"Michael Douglas has little to no Jewish profile. He is not outspoken about Israel or his faith, and has never sought to be a beacon of Jewish culture," said Joel Braunold, a columnist for Israel's Haaretz news organization. "If the committee was intent on giving $1 million to someone in the entertainment industry, they could have given it to Steven Spielberg, who clearly, through both his films and his philanthropy, has made his heritage part of his success."
The prize's intent to create diversity and assimilation among Jews has chafed ultra-conservatives. The right-wing Jewish Task Force, based in New York, said "the 'role model' example of the Douglas family would lead to the spiritual destruction of the Jewish people, G-d forbid."
The award has drawn Douglas onto incendiary political terrain. During his trip to Israel, he met with Netanyahu and former President Shimon Peres. He traveled near the border with the Gaza Strip and heard concerns about anti-Semitism, the rise of the Islamic State, the Syrian war, the strained relations between Israel and Washington, the changing dynamics of the Middle East since the Arab Spring and the U.S.-led Iran nuclear talks.
"There are people in Europe and Israel who feel we're [the U.S.] really being played for [the] patsy, that we do not understand," said Douglas, noting the acrimony between Netanyahu and President Obama. "There are parties that seem to know a lot and are concerned" that if sanctions are lifted, Iran will have more money to fund militant networks while still working toward a nuclear weapon.
This fear is compounded by the persistent crisis over the unresolved Palestinian statehood issue and how to contain Hamas, which controls Gaza. Both Hamas and Israel have been blamed for violations of international humanitarian law that "may amount to war crimes" during last year's 50-day war, the U.N. has said. The atmosphere has further jeopardized chances for a two-state solution.
"I totally support a two-state solution," said Douglas. "It's just hard to have a two-state solution if the other state doesn't acknowledge Israel's right to exist or voices calling for its destruction." Regarding the proliferation of Israeli settlements in the West Bank, which much of the world condemns, Douglas suggested that Israel might "find a kind of a balance to make up for those settlements that might stay."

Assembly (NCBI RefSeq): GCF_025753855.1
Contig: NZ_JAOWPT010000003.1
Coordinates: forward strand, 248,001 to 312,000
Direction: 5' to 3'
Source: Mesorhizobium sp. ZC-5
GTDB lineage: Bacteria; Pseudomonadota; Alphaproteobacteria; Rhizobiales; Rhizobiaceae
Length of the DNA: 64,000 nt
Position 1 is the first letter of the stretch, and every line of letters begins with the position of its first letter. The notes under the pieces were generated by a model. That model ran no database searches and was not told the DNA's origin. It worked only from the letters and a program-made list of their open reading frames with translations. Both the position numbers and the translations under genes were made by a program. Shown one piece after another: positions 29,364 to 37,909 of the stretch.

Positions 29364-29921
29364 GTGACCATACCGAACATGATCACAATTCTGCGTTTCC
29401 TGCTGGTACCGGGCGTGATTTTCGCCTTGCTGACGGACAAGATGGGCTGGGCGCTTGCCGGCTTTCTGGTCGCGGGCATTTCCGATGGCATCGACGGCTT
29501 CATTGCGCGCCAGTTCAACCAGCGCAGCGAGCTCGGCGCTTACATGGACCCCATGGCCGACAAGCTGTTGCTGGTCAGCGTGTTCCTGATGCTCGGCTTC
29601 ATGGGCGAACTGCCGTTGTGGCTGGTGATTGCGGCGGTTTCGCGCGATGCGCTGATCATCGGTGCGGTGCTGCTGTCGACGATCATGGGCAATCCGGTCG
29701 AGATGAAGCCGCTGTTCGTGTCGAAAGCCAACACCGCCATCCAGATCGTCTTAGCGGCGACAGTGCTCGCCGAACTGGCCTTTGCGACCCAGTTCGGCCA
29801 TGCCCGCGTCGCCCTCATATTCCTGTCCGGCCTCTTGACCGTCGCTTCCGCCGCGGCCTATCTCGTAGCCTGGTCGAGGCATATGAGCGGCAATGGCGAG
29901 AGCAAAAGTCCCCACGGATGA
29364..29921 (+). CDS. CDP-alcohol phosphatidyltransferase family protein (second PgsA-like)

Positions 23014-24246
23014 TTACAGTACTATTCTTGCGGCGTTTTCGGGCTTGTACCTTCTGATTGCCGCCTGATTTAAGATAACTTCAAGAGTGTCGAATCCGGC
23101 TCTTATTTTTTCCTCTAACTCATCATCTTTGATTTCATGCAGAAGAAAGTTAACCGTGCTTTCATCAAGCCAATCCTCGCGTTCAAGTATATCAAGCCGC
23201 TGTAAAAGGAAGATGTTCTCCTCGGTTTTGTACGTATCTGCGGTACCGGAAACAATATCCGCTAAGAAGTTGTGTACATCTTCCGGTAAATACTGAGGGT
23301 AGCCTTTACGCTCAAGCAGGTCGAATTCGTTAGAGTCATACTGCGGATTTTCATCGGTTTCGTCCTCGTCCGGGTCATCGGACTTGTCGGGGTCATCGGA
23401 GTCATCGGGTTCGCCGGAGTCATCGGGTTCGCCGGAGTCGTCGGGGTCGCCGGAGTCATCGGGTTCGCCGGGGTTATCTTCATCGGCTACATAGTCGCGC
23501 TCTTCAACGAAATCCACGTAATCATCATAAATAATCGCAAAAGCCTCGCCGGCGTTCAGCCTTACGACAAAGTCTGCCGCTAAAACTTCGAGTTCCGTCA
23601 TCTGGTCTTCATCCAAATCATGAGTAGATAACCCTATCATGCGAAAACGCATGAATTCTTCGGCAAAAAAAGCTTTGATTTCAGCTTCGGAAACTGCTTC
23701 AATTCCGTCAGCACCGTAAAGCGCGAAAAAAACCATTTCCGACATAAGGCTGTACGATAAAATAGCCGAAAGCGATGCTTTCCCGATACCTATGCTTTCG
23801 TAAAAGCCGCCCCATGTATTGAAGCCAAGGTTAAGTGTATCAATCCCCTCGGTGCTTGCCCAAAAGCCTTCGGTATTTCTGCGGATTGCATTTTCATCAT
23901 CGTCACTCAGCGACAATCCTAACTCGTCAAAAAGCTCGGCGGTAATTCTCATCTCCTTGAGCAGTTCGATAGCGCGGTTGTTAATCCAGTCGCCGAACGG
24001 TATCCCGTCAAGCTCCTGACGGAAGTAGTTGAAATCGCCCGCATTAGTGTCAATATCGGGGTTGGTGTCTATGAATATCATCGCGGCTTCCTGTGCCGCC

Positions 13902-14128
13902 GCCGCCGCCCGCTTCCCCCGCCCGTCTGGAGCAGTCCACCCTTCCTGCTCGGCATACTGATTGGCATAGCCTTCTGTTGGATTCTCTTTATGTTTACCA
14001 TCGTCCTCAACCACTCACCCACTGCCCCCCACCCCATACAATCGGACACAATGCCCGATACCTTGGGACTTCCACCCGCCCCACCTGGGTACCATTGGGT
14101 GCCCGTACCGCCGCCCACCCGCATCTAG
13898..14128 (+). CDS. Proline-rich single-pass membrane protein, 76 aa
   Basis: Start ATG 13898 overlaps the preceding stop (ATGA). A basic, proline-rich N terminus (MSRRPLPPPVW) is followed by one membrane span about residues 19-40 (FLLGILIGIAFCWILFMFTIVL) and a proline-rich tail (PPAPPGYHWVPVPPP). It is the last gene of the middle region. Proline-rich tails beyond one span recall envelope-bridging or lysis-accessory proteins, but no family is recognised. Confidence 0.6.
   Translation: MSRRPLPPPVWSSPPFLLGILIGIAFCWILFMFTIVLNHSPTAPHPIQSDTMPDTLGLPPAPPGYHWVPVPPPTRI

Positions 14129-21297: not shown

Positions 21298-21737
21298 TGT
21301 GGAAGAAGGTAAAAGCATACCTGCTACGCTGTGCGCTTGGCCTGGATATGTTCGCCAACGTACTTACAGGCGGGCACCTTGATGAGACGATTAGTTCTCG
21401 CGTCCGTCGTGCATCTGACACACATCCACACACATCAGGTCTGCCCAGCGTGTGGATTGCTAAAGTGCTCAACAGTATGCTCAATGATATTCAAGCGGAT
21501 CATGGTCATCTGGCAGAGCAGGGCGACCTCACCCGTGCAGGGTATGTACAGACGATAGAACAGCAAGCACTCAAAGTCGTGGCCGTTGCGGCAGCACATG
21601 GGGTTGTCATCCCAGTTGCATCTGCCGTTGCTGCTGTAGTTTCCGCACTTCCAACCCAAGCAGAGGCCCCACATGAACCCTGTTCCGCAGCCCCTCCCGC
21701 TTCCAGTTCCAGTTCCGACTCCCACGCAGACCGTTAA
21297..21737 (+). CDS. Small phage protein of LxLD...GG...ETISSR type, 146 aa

International criticism over Israeli policies toward Palestinians has intensified in recent years. Alluding to defining the story, which is essential to any good film, Douglas said "Israel has to look at its narrative" since it founding in 1948 and years of assimilating Jews from around the world, building an economy, solving water shortages and creating a powerful military. "It's pretty amazing what they accomplished.
"But now they're almost perceived as being the bully on the block, which is ironic when you think of a country surrounded by people who don't even acknowledge they exist," he said. "When you're in Israel, you realize how vulnerable the situation is.... Israel's responsibility is to articulate and clarify that narrative what their next steps are going to be."
Douglas spoke of the region as if he were a journalist or a diplomat holed up in a cafe at the edge of a dicey border. He relished it and, without any pretension, mentioned his insights into how an actor could glide among politicians.
"The reality is, most leaders are so isolated that they're all films buffs. They don't go out much," he said. "So they'd much rather see you than some ambassador. They feel like they know you. There's a comfort. I try to exploit that as much as I can. I'm curious. I'm a news junkie. I try to make projects that have some reflection to what's going on."
Staff writer Julie Makinen in Beijing and special correspondent Batsheva Sobelman in Israel contributed to this story.